By Jonathan Stempel

NEW YORK (Reuters) – Quincy Bioscience failed to dismiss a lawsuit in which the Federal Trade Commission and New York attorney general said it deceptively marketed the dietary supplement Prevagen by claiming it improved memory despite a lack of scientific evidence.

In a decision released on Thursday, U.S. District Judge Louis Stanton in Manhattan rejected Quincy’s claim that the FTC exceeded its powers in bringing the January 2017 lawsuit because it lacked a quorum of commissioners to decide whether to sue.

Stanton also said he had jurisdiction to hear claims against Quincy’s co-founders and largest shareholders – president Mark Underwood and former president and current chief executive Michael Beaman.

He nonetheless dismissed claims against Beaman, finding a lack of evidence that he knew about or took part in any deception, but said the regulators may yet refile those claims.

Lawyers for Quincy, Underwood and Beaman declined to comment. Neither the FTC nor the office of New York Attorney General Letitia James immediately responded to requests for comment.

The complaint said Quincy based much of its suspect advertising on a single study, which the regulators said failed to show a statistically significant improvement in memory among people given Prevagen over people given a placebo.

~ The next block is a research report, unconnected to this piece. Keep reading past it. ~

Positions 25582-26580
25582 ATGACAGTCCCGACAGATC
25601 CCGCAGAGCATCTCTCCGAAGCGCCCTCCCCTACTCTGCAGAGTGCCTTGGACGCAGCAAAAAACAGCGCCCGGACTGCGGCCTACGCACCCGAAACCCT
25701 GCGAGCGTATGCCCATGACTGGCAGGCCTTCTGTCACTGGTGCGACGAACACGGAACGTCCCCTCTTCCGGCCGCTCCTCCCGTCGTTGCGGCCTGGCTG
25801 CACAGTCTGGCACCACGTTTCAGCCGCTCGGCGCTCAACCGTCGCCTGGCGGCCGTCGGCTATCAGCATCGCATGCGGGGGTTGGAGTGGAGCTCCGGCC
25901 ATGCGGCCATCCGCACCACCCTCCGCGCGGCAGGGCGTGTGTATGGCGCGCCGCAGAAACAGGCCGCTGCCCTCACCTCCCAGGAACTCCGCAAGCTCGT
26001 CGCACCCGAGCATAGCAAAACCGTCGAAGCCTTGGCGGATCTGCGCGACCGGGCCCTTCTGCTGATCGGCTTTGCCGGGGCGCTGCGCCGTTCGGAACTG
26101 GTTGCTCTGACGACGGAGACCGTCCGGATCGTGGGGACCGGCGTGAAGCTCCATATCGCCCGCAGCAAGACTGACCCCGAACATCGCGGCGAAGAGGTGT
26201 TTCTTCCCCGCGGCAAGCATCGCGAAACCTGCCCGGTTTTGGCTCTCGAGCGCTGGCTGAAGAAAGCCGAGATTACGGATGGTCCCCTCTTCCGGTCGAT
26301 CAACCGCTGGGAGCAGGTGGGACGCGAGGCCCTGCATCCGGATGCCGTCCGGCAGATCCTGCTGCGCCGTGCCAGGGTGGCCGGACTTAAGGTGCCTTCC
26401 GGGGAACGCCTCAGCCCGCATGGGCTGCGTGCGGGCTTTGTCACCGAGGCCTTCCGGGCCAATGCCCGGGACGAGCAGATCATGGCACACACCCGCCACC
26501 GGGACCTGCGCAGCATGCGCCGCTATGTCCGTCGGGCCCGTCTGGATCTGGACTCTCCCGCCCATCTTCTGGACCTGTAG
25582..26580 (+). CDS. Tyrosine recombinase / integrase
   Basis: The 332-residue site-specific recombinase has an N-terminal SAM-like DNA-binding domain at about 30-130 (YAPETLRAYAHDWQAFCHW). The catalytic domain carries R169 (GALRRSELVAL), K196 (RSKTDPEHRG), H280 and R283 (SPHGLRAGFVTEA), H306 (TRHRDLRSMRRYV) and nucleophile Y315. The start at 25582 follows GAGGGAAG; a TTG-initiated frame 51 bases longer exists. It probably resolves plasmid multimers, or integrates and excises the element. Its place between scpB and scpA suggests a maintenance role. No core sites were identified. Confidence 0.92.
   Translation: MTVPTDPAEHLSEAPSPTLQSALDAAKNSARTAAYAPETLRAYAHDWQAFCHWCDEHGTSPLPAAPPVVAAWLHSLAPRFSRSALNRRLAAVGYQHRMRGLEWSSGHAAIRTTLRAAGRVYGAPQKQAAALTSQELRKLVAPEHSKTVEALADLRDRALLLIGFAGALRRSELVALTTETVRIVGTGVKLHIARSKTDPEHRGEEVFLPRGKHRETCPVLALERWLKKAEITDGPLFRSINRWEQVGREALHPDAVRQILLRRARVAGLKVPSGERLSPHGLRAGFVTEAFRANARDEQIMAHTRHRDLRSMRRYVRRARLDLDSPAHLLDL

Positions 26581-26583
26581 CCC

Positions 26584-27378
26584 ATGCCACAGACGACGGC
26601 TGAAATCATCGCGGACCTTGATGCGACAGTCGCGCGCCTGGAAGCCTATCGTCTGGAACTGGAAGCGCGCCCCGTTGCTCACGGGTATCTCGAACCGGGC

According to the complaint, Quincy sold about $165 million worth of Prevagen in the United States from 2007 until the middle of 2015, at prices ranging from $16 to $70 for 30 pills.

Regulators said sales for the Madison, Wisconsin-based company benefited from television ads, including infomercials, as well as radio, newspaper and magazine ads and social media.

Stanton had dismissed the lawsuit in September 2017, but the federal appeals court in Manhattan revived it in February, saying the regulators had plausibly alleged that Quincy made false or materially deceptive claims about Prevagen.

The appeals court also said Stanton had not addressed some of the defendants’ arguments for dismissal. Those arguments were the subject of the decision released on Thursday.

The case is Federal Trade Commission et al v Quincy Bioscience Holdings Co et al, U.S. District Court, Southern District of New York, No. 17-00124.

(Reporting by Jonathan Stempel in New York, editing by G Crosse)